The engine, fitted with a substitute compressor, was successfully test run without any indication of power fluctuations or uncommanded decelerations. The only significant discrepancy noted prior to the run was a bleed valve that was slow to move to the closed position when tested with regulated air pressure. Manual exercise of the bleed valve resulted in normal operation. The binding appears to have been a post-occurrence event, related to the material found on and around the valve. Some of this material had adhered to the valve stem when it was in the closed position and had contaminated the stem guide bearing area.

The pilot had a total of over 13,000 hours, with over 8,000 hours on helicopters. He had flown the McDonnell-Douglas (formerly Hughes) 369 for over 2,600 hours in similar operations, and would be considered highly experienced.

While conducting vertical reference work, the pilot had removed the left door and was not using the available shoulder harness. The pilot was operating with the engine auto-relight system ON and the engine anti-ice OFF. The estimated weight of the helicopter at the time of the occurrence was 2,048 pounds, and the hover ceiling out of ground effect (HOGE) performance was estimated at 15,800 feet. The pilot indicated there was no snow buildup on the exterior surface of the helicopter, but inspections of the plenum for snow accumulation were not conducted as the helicopter was refuelled while running during the work.

The helicopter manufacturer's Flight Manual, "Normal Procedures" (Section IV), 4-6 "Actions Before Take-off," states the following requirement: "Use engine anti-icing when OAT is below 5 degrees Celsius (41 degrees Fahrenheit) and visible moisture is present." The engine anti-ice system prevents ice buildup on the engine inlet support struts which could break off and damage the compressor blades.

The Flight Manual, Limitations, (Section II), Chapter 2.3, Flight Restrictions, states the following:

  • Flight operation is permitted in falling or blowing snow only if the Automatic Engine Reignition Kit and Engine Failure Warning System are installed and operable. Whenever the helicopter has been parked outside or has been in flight during falling snow, determine that the engine inlet area and all helicopter exterior surfaces are completely free of accumulated ice and snow. In addition, open the plenum chamber door and visually determine that the inlet screen or particle separator (if installed) have not become clogged with ice and snow. This inspection and removal of ice and snow shall be accomplished prior to the next flight.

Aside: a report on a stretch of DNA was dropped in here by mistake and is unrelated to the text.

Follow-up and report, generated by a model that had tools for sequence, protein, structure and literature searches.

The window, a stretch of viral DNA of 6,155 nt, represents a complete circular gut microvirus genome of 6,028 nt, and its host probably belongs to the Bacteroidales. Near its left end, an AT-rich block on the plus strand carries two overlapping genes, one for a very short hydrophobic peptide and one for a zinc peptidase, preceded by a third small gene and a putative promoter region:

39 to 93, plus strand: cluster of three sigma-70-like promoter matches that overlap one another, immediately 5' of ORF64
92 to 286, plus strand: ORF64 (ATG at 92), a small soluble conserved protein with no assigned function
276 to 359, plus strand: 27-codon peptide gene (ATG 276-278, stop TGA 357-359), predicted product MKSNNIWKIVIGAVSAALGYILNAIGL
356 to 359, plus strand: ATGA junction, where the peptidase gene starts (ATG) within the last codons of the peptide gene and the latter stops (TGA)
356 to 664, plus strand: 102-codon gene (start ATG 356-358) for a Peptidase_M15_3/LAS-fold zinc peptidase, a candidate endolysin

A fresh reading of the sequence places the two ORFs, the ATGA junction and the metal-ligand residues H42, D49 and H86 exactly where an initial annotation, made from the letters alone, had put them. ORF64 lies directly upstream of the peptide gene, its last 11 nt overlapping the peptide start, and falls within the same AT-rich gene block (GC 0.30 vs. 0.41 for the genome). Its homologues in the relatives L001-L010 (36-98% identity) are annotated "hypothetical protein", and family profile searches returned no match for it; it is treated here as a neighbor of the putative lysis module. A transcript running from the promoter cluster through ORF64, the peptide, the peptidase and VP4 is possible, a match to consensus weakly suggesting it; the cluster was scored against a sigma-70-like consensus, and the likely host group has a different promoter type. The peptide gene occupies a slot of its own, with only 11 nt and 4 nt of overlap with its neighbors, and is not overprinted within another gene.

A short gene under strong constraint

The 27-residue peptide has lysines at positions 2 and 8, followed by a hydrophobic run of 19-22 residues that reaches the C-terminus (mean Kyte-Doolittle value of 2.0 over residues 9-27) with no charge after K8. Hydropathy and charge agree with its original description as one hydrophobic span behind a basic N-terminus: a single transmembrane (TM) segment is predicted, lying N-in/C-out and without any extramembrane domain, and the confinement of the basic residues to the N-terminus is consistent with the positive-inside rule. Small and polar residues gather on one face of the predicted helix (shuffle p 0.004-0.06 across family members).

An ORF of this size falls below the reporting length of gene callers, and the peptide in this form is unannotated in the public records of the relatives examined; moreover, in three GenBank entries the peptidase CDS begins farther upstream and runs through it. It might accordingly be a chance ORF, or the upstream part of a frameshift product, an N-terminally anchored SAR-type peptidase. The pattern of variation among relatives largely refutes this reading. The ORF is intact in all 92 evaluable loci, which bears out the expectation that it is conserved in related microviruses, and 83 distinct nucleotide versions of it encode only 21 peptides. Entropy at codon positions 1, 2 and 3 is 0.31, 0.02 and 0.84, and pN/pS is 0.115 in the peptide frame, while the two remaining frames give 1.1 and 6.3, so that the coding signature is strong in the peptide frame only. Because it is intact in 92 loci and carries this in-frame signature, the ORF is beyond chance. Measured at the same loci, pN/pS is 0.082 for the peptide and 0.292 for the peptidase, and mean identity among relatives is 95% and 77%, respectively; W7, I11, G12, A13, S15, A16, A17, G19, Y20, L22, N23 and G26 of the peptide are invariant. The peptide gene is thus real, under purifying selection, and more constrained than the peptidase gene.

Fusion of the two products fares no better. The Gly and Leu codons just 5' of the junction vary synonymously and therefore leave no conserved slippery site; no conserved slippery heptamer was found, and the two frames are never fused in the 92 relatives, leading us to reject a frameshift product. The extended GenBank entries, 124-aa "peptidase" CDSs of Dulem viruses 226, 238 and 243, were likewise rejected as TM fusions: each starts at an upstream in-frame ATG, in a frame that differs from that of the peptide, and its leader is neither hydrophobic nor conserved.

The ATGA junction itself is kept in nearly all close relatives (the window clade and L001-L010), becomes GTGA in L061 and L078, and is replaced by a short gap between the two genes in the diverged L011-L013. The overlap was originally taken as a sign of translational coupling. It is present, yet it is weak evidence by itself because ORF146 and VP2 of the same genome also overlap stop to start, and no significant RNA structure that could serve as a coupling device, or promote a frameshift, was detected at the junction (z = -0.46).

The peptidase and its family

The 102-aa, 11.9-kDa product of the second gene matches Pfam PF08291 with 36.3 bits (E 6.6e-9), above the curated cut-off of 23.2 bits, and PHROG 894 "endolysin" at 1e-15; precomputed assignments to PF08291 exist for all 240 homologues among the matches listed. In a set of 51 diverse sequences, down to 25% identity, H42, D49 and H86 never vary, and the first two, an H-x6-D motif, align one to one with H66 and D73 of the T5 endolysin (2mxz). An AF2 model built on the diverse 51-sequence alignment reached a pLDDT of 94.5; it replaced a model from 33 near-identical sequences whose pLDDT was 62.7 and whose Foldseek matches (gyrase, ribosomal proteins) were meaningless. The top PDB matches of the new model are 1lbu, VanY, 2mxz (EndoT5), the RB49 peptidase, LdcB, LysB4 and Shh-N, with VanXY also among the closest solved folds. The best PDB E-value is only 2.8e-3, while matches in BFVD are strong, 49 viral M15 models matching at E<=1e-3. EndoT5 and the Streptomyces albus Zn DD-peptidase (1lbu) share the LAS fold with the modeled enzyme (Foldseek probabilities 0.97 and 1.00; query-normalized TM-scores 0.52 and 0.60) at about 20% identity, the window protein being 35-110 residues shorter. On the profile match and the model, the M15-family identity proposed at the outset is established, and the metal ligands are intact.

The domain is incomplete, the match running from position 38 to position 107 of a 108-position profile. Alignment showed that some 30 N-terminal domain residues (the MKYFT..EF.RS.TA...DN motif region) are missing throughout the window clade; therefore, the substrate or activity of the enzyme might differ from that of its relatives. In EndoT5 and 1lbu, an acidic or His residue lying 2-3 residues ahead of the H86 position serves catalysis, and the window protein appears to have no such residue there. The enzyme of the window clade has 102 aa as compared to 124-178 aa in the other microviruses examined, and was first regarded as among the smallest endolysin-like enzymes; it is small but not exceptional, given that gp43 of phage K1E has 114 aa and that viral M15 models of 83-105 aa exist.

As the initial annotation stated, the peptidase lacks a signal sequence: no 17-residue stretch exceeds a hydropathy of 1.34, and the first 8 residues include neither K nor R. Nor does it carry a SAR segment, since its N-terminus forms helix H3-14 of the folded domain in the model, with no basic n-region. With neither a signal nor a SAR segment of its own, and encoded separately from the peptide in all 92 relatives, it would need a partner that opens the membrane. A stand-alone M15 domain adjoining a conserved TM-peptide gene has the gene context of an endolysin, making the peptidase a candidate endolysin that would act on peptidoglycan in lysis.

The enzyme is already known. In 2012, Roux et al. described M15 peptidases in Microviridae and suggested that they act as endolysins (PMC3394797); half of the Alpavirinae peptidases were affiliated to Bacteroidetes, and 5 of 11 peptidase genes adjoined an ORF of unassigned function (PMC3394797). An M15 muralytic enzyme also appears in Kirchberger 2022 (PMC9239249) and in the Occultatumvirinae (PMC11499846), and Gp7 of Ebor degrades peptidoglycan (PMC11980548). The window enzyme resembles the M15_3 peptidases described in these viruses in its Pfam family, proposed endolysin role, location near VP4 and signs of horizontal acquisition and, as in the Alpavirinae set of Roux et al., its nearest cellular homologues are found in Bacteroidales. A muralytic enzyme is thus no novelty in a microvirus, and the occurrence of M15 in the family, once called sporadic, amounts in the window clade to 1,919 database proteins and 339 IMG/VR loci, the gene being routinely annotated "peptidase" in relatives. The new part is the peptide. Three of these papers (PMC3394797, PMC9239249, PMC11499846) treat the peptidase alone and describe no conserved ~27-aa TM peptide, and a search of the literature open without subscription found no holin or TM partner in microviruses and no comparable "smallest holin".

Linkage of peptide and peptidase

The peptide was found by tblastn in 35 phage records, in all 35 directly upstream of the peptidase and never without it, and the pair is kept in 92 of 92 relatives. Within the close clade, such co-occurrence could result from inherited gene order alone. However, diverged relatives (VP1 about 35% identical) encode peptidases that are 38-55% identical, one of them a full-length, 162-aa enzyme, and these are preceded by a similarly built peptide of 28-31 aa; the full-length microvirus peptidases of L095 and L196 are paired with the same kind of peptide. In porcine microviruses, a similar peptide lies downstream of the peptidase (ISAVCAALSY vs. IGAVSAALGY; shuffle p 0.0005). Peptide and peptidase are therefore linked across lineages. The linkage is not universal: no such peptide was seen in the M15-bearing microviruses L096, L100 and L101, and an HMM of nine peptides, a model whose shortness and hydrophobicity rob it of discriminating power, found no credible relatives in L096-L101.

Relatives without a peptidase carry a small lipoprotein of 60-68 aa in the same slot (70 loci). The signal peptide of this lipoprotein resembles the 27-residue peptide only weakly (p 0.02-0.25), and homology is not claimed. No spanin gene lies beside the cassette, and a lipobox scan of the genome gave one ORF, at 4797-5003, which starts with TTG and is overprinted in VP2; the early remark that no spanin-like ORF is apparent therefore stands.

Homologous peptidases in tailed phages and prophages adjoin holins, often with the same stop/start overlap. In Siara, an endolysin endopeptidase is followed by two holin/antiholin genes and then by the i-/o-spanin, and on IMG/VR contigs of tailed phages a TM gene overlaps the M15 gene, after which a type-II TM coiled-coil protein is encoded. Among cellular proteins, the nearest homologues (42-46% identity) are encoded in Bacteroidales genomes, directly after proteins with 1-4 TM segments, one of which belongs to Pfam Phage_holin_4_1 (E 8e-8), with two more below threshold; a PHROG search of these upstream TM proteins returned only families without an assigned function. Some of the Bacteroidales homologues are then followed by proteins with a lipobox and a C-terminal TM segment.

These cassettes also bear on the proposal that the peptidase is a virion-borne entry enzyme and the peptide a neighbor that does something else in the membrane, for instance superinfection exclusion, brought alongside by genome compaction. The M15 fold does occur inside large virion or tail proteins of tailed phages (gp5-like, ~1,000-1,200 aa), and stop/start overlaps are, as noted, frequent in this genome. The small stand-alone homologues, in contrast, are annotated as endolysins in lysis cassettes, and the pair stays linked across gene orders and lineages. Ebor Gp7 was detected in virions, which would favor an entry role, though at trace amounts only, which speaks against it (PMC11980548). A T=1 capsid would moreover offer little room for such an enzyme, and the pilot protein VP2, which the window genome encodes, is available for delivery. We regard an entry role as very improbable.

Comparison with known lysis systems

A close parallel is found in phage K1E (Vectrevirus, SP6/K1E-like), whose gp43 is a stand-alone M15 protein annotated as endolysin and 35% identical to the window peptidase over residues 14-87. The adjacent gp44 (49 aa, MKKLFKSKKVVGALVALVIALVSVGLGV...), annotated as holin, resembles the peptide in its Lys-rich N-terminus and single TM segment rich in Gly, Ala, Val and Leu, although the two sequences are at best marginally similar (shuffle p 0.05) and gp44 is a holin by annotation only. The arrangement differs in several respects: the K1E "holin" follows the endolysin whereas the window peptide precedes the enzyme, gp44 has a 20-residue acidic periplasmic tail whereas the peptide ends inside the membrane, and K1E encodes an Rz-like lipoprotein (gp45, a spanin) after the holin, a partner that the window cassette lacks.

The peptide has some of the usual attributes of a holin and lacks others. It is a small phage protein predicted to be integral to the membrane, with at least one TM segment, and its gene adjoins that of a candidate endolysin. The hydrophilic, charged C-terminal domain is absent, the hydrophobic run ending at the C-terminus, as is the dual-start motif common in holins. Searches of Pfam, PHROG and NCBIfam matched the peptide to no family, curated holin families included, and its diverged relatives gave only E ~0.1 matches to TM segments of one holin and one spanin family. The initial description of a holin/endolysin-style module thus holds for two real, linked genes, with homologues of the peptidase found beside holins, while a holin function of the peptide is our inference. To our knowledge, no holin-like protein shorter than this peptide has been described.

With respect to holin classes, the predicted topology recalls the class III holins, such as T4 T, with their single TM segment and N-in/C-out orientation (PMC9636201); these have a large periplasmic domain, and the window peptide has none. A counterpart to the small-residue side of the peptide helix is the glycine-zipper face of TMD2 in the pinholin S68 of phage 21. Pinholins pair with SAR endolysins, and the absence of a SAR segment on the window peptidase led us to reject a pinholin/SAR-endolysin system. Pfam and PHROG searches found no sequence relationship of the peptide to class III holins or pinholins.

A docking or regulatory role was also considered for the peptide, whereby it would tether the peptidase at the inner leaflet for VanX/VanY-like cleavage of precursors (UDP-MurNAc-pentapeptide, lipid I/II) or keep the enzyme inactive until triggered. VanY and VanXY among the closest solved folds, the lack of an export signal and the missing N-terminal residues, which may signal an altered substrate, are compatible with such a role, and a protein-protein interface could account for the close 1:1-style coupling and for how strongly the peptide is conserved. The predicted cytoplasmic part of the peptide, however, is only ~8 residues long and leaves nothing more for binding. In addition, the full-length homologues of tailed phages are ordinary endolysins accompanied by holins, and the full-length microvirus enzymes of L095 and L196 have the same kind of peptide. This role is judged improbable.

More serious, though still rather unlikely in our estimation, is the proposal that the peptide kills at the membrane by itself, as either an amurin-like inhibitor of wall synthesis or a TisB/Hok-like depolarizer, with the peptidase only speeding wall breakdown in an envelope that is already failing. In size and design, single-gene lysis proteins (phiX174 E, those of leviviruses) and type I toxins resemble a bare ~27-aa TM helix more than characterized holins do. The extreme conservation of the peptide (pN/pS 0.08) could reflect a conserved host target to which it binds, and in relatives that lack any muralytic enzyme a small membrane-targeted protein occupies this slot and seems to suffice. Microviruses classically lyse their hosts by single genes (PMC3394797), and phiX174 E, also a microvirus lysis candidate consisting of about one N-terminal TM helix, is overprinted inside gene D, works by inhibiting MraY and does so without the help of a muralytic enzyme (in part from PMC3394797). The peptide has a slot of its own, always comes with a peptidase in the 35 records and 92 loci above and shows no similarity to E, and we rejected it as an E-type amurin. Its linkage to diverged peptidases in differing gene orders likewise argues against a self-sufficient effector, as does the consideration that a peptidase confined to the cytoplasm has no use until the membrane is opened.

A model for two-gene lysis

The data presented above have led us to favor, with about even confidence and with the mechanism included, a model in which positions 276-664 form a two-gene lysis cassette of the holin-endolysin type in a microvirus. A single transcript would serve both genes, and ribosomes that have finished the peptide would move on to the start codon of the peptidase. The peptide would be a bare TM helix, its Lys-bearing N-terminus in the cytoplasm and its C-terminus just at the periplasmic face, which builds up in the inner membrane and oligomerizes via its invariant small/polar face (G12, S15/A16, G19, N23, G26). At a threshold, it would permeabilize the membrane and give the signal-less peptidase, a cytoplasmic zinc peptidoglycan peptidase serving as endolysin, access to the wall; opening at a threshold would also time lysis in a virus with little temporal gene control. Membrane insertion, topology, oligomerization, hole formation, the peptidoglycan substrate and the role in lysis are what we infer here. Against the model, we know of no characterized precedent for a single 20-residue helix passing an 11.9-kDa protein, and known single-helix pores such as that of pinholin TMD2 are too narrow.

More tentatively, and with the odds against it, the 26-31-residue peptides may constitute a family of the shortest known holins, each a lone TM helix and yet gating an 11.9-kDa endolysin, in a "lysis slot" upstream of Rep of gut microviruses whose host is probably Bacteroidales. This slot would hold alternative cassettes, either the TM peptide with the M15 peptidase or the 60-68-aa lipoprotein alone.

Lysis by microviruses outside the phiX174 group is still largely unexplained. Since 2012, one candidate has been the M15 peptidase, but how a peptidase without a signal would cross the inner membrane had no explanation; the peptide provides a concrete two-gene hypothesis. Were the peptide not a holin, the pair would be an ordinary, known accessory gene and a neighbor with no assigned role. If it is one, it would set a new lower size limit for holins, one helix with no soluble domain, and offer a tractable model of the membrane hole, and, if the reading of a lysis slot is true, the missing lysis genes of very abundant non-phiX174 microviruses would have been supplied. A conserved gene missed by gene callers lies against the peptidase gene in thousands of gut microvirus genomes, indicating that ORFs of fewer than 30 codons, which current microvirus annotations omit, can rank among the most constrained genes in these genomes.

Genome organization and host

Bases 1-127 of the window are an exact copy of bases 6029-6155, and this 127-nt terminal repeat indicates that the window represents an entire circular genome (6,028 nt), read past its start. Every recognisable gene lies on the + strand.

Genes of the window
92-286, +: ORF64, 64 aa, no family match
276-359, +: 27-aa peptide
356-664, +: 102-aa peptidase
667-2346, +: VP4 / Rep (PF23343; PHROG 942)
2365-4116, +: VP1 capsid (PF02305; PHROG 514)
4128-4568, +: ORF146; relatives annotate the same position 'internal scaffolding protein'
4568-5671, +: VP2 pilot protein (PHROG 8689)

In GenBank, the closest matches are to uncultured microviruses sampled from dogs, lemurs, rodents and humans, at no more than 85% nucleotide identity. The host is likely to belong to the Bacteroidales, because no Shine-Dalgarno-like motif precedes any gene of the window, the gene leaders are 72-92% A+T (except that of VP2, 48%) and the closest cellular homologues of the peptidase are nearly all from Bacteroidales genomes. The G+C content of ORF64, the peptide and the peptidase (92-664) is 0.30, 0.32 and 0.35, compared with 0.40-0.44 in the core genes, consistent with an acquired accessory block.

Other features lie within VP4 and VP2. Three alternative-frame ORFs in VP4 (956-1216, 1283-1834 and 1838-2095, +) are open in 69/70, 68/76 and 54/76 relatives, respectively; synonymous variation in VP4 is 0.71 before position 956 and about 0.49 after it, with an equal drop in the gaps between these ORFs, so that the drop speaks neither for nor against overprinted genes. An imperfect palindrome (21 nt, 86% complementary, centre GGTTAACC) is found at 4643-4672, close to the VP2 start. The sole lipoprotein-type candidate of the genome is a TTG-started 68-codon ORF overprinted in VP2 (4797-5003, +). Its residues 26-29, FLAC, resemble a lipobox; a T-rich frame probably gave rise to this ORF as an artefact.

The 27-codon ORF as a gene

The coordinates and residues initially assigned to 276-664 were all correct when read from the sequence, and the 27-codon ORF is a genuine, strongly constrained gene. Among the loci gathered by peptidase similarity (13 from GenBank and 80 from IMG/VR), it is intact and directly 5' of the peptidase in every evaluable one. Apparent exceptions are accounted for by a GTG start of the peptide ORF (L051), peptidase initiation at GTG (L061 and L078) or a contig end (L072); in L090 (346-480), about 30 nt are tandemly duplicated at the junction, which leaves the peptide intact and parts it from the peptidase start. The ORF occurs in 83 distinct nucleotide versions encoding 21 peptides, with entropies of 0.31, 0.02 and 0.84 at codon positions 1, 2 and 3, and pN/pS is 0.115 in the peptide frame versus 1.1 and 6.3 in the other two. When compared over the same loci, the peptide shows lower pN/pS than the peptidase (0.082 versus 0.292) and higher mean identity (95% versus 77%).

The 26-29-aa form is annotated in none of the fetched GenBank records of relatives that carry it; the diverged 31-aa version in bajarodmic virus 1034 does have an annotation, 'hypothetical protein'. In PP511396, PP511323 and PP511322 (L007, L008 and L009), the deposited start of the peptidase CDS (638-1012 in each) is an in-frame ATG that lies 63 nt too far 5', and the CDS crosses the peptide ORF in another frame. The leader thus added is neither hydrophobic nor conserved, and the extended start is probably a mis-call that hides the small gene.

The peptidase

Discussions with other operators of McDonnell-Douglas 369D helicopters indicate that they had also experienced numerous losses of engine power (flame-outs) in falling snow, and had installed optional engine air deflector kits, which eliminated the problem. The kit consists of a plate that covers the normal air intake on the "doghouse" and prevents snow from directly entering the particle separator. Installation of this kit is currently not mandatory.

On 30 September 1982, the Allison Engine Company issued a Commercial Service Letter warning of engine flame-outs due to snow or ice ingestion on the Allison 250 series engines. The letter states:

  • Owners, operators and pilots are warned that helicopters using this engine in falling or blowing snow, or icing conditions, require special equipment. Snow or ice can build up on aircraft parts, inlet ducts or plenum chambers and break loose in "slugs". Slugs of snow or ice entering the compressor of these engines can cause flame-out. Helicopter manufacturers use different approaches to prevent slugs of snow or ice from being ingested by the engine. Some of these devices include special particle separators, reverse inlet scoops, and various types of inlet screens. Additionally, some helicopters utilize auto-reignition kits to relight the engine in the event that a flame-out occurs. It is the responsibility of the owner, operator and pilot to determine that the helicopter is properly equipped and the devices are in proper working order for operation in conditions where snow and ice can build up on the aircraft. It is also very important to inspect the engine inlet area on the pre-flight check when the aircraft has been exposed to an ice, snow, or sleet storm. Accumulations of ice and/or snow can collect in remote areas of the engine inlet air flow path. Removal of these accumulations is necessary, especially downstream of the protective devices, to prevent a possible flame-out caused by the break-off of these accumulations during flight